The case illustrated a series of holes in the counter-terrorism system which, intelligence officials warn, remain unplugged. The Indian consulate in Istanbul issued Moideen with an emergency certificate allowing him to return home, since he had lost his passport. Police and intelligence services, government sources said, were not notified, though Moideen was unable to account for his activities in Turkey. Thus, Moideen was only cursorily questioned on his return, and not placed under surveillance.
Like the alleged Al-Qaeda in the Indian Subcontinent chief Mohammad Asif, held in New Delhi last year and now facing trial, Moideen was able to return from Istanbul without facing investigation, and resume normal life.
Even as his relieved family was delighted when he found a job at a jewellery store in Tamil Nadu’s Tirunelveli, investigators allege, Moideen resumed contact with Islamic State’s Armar.
Intelligence services believe Indian jihadists now fighting with the Islamic State have old links in Afghanistan, where the organisation is made up mainly of one-time Tehreek-e-Taliban and Lashkar-e-Islam fighters from Pakistan’s north-west. The Ansar-ut-Tawhid fi Bilad al-Hind, the core of the estimated 67 jihadists from India now with the IS in Syria, served in the Afghan-Pakistan borderlands with these groups, after splitting with the Indian Mujahideen, and its chief, Riyaz Shahbandri.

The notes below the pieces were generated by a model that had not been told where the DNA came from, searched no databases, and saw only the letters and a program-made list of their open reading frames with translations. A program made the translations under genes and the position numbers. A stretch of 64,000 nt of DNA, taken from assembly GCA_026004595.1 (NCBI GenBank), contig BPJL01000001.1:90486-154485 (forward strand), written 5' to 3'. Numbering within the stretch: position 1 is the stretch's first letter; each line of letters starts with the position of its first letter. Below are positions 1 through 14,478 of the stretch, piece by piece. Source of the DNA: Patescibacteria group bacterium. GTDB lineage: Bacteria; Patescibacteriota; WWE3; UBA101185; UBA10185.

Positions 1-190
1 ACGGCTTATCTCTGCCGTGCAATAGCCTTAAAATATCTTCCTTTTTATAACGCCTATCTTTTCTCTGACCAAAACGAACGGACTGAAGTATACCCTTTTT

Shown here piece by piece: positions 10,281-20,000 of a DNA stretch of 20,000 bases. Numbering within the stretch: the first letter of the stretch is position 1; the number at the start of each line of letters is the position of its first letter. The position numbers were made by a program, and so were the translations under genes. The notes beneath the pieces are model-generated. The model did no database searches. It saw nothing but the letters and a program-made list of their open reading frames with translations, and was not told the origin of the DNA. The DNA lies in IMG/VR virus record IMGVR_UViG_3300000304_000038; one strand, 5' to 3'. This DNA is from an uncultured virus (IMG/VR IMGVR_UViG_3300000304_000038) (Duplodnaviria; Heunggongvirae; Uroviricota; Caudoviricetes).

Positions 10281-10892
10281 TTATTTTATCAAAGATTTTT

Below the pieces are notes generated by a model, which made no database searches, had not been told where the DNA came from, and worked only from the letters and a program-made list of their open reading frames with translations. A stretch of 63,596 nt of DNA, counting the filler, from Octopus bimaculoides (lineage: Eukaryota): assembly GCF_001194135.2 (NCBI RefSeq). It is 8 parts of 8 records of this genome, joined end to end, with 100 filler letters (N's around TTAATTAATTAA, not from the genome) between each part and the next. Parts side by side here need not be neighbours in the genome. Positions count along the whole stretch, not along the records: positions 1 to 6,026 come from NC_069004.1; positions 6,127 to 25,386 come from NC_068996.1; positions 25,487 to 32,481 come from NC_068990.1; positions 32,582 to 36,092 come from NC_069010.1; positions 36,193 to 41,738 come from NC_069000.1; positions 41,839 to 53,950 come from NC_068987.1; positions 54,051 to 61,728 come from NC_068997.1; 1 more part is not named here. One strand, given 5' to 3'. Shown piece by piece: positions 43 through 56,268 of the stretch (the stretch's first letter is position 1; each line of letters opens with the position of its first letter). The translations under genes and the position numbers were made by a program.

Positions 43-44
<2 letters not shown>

The new group in Syria, led by Armar, is believed to include Indian Mujahideen operatives Abu Rashid, Shahnawaz Ahmad and Mirza Shadab Beig, all named as fugitives by the NIA. Abu Rashid appeared in an Islamic State video released earlier this year.
Faced with the Pakistan Army’s offensive against the TTP and Lashkar-e-Islam, a number of Pakistani jihadists settled in Nangarhar’s Kot, Deh Bala, Rodat and Ghanikhel districts, even opening madrasas for their children in Achin and Nazian.
In the summer of 2015, fighting broke out between the Taliban and IS, after the former asked the migrant jihadists to close their madrasas and courts, and confiscated their weapons consignments. But subsequently, the Taliban lost much of the territory it gained in Nangarhar to an IS counter-offensive.
Thousands of villagers fled their homes to escape the fighting, leaving behind cattle and farms — seized, thereafter, by IS fighters arriving from Pakistan’s Orakzai and Bajaur agencies, who are creating a proto-state.